FIGS. 8 and 9 illustrate a porous restrictor hydrostatic bearing (800). In this embodiment a porous material (802) is used in lieu of the restrictors and pockets. Because the material is porous, a great many paths which act as restrictors are presented for the fluid to move from the supply to the gap between the bearing and the formation. The embodiment may therefore still be considered an extreme case of a multi-pocket bearing.

Referring to FIGS. 2 through 9, the mechanical properties of both the single pocket and multi-pocket bearings are determined by the fluidic resistance of the restrictor (202), the size of the bearing pocket or bearing pockets, and the gap (304) between the bearing land and the surface. For borehole applications there are certain boundary conditions for the mechanical design of such devices. If drilling mud is used as the bearing fluid, the system has to be robust enough to cope with a given particle size. Preferably the particle size limitation can be accommodated by an optional mud filtration system. For reliably smooth operation, the restrictor and the bearing land gap should be larger than the particle size to reduce the likelihood of clogging. Furthermore, in order to reduce the possibility of rubbing of the bearing pads against the surface, the bearing gap or floating height should be larger than the surface roughness of the borehole wall. The design of a hydrostatic bearing supported device will also have to take into account the mud circulation so that some of the annular area is given to the mud flow for transport of the rock cuttings from the drill bit. Multi-pocket hydrostatic bearings may be less sensitive to damage through wear/abrasion because if some of the bearing pad material is worn off by rubbing against the borehole wall, the only effect will be a slight reduction in the length of the restrictor holes. As this will only have a linear influence on the fluidic resistance of the restrictors, it is likely tolerable and will not diminish the function of the bearings.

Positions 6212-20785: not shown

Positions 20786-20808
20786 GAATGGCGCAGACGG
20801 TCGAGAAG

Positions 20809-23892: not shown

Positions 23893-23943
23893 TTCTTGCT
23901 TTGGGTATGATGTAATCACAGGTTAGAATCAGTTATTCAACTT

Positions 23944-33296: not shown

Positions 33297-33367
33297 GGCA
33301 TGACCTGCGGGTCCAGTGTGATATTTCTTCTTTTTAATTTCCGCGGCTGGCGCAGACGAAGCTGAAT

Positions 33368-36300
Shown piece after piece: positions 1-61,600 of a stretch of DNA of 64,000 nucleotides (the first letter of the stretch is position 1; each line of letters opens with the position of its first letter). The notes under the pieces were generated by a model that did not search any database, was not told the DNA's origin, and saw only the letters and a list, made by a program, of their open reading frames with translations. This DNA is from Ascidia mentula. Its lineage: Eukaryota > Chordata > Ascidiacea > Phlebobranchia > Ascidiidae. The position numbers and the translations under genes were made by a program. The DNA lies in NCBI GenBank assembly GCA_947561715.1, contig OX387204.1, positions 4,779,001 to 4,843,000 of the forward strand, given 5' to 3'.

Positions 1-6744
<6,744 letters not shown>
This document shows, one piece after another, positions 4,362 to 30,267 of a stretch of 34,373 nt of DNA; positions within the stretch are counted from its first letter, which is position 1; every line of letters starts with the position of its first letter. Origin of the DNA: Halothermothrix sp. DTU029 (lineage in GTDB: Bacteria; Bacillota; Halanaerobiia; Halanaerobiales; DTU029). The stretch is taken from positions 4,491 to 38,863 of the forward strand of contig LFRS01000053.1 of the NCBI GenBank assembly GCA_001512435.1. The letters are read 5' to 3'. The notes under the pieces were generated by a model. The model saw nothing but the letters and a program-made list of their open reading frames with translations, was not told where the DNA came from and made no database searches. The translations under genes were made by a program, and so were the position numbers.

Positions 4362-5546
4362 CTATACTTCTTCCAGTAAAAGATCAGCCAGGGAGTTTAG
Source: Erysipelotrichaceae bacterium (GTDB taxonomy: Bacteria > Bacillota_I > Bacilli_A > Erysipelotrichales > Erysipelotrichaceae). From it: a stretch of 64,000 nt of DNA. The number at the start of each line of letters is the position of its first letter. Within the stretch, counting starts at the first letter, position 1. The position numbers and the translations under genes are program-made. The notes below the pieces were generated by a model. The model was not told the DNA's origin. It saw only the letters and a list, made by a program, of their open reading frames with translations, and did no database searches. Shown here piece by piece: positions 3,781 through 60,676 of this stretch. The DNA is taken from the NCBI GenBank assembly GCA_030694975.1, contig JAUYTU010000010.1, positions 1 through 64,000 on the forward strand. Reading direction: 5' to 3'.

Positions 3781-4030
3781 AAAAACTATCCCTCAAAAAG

Referring now to FIGS. 1, 10 and 11, single pocket and multi-pocket hydrostatic bearings can be utilized as part of the outside surface of the drill string and as part of a stabilizer sub (102). In the illustrated example, which shows single pocket bearings for simplicity, four bearing pockets (1100) are fed by the drill mud that flows through the center of the stabilizer (“central mud flow”) (1102). In particular, the fluid is fed into the bearing pocket through restrictors (1104) which are integrated into the stabilizer ribs. Either the formation (110) itself or the inside surface of intermediate casing (1106) provide the support surface against which the bearings can run. The friction against the casing is reduced because the stabilizer component will glide on a film of pressurized mud formed by the bearing pocket (1100) and bearing land (1108), rather than the bare metal surface. Consequently, the friction and the wear on the casing as well as the stabilizer sub will be reduced. The bearings may be particularly useful at the stage where the production section is drilled because the drill string is then at its longest and the thinnest, and needs the greatest amount of support and friction reduction.

Referring now to FIGS. 1 and 12, single pocket and multi-pocket hydrostatic bearings may also be used to reduce friction in rotary steerable systems. In this embodiment the steering components (108) include hydraulically actuated kickpads (1200) which are operable to push the front of the BHA (104) into a prescribed direction, i.e., a “push-the-bit” system. Each kickpad (1200) pivots about a hinge (1202) and has an angular range of motion defined by an arc in a plane that is perpendicular to the axis defined by the BHA. The kickpads rotate with the drill string and are actuated in a coordinated manner in order to produce a relatively greater force into a selected direction mostly perpendicular to the drilling direction in order to steer the BHA. Friction between the formation and the kickpads is reduced because the bearings lands (1204) and bearing pockets (1206), particularly when providing steering force, maintain a pressurized fluid film between the kickpad and the formation. As already mentioned, the pressurized fluid used for operating the hydrostatic bearings may be the same fluid used to actuate the kickpads, e.g., the central mud flow.